A quick detour to a wooded rustic road as we headed toward home showed us the emerging leaves of eastern false rue anemone, one of our earliest woodland flowers, and at another brief stop we found the tiniest shoots of snow trillium we’ve ever seen.  Even though we didn’t find pasqueflowers (or anything else) in bloom, we found woods and prairie waking up.  For now we are happy with the delight of lichen and the sure promise that soon, spring will arrive. 


Winter Wildflower Dreams

February 23, 2022

Author: Phyllis Root
Photographer: Kelly Povo

Last year we went looking for wildflowers in the snow—and found some.  (To be accurate, on a winter hike we recognized leaves and stems as former and future wildflowers).  But winter is not high wildflower season, so until skunk cabbage pokes its pointy nose through the snow, we are busy thinking wildflower garden thoughts.

In the heart of winter we dream wildflower dreams. 

Both of us have been planting native wildflowers in our yards over the years.  Some flowers we plant for pollinators, especially the federally endangered rusty-patched bumblebee. Some we plant for their beauty. Some we plant with hope that never blooms (neither do the flowers).  Some plants do well, some don’t, and for some the verdict is still out. But still we plant.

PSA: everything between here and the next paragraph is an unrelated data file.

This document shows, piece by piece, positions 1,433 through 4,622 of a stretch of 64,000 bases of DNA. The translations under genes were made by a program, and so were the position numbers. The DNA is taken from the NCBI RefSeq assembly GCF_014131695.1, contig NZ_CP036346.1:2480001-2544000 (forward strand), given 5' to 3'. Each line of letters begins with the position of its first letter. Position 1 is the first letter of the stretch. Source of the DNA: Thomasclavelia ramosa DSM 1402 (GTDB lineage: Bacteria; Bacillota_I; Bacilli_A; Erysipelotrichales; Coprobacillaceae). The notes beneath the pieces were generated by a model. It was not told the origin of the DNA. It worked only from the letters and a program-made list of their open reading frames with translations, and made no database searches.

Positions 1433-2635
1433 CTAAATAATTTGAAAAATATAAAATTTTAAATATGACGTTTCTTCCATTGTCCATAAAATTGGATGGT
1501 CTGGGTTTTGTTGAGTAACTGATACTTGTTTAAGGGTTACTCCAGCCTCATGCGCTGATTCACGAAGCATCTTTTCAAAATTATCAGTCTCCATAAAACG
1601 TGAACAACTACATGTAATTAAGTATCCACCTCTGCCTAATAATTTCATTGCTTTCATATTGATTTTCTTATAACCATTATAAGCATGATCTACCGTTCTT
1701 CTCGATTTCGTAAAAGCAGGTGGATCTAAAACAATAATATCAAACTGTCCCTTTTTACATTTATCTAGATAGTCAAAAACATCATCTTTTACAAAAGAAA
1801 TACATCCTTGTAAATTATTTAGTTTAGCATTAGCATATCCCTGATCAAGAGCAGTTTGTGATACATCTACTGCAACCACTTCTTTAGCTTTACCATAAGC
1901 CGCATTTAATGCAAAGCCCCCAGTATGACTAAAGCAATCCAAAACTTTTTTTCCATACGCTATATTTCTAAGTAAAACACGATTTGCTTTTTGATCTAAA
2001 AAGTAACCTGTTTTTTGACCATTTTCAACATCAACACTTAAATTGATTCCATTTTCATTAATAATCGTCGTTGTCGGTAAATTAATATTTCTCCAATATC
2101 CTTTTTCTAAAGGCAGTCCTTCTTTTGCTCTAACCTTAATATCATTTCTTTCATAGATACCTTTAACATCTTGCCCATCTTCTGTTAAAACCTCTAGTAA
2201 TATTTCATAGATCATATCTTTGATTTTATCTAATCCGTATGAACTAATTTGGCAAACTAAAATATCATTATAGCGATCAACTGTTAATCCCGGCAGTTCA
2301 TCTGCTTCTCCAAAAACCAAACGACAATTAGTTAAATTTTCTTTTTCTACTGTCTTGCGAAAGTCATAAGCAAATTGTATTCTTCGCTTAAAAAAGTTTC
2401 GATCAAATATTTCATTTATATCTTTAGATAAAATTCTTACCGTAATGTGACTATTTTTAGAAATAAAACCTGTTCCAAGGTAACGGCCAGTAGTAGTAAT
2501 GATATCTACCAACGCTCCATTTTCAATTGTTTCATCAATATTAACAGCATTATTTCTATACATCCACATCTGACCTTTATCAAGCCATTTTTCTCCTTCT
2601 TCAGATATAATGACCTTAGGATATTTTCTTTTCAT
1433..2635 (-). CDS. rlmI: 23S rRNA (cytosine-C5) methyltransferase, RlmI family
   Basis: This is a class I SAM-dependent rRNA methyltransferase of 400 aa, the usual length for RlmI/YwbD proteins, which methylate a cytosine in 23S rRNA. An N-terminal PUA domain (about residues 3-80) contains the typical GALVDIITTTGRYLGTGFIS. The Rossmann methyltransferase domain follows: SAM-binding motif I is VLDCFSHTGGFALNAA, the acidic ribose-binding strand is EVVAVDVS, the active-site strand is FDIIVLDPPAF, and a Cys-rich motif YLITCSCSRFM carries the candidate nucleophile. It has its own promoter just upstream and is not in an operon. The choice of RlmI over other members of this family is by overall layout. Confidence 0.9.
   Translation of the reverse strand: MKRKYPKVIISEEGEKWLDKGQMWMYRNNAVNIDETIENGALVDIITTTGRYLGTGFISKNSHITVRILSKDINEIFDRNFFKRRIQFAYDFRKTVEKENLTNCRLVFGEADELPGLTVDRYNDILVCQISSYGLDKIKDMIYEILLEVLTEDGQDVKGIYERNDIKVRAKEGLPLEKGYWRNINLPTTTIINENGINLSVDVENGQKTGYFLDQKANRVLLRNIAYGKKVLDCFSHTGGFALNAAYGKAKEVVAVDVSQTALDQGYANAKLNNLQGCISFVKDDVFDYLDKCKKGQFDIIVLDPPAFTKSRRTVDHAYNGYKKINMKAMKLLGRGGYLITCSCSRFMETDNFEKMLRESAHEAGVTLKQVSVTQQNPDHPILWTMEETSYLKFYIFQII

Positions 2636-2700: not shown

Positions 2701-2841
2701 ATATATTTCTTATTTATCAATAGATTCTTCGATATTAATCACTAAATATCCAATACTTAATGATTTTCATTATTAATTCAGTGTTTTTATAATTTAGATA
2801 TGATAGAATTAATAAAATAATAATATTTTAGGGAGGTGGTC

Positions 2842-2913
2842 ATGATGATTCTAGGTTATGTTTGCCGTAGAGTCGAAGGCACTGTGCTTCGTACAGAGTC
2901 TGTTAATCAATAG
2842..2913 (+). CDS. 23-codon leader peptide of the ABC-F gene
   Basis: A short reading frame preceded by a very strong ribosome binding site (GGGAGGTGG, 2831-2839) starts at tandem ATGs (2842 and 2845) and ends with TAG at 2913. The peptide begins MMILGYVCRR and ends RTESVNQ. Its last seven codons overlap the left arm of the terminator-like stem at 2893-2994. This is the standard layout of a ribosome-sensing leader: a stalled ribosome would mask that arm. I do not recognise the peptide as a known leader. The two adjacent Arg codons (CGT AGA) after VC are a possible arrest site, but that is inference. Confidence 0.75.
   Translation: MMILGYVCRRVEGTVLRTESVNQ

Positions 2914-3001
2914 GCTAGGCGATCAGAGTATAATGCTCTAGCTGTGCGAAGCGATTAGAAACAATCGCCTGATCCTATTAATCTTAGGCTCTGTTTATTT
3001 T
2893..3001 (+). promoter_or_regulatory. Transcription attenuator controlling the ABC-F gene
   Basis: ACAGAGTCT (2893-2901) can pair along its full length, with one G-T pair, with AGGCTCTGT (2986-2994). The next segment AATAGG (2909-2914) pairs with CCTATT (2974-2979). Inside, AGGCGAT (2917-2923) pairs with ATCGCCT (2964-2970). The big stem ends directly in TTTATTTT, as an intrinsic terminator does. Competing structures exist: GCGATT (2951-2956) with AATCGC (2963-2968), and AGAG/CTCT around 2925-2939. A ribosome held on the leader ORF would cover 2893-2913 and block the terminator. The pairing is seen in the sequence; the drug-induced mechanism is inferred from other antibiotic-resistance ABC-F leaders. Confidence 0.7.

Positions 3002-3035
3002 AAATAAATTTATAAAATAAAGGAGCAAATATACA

Here are some of our successes, in shade and in sun, and some of the plants on our wish list for this year’s garden.


Under the shade of leafing trees we plant spring ephemerals and other early flowers that bloom before the trees leaf out completely and block the sun.  Ephemerals disappear once they’ve flowered, while other spring bloomers keep their stems and leaves.  All of them brighten the time when we’re hungriest for color, and bumblebee queens are hungriest for nectar and pollen after their long winter. All of our garden flowers are from seeds, from native plant nurseries, or from generous friends’ gardens.   

Virginia bluebells
Spring beauty
Smooth Solomon’s seal
Wild ginger
Bishop’s cap
Large-flowered trillium
Large-flowered bellwort
Red columbine


If spring and shade mostly belong to the woodland flowers, summer belongs to the prairie.  A few prairie flowers are early bloomers—pasqueflower blossoms even in the snow, and prairie smoke is another early flower—but most of our prairie garden celebrates summer. Bees, butterflies, even hummingbirds appreciate these flowers, and so do we.   We’ve had to be firm with some of our favorite flowers that want to spread themselves everywhere, but even overachievers have a place in our pockets of prairie. Here are some of our better-behaved successes, some from native plant nurseries or friends, some from seeds.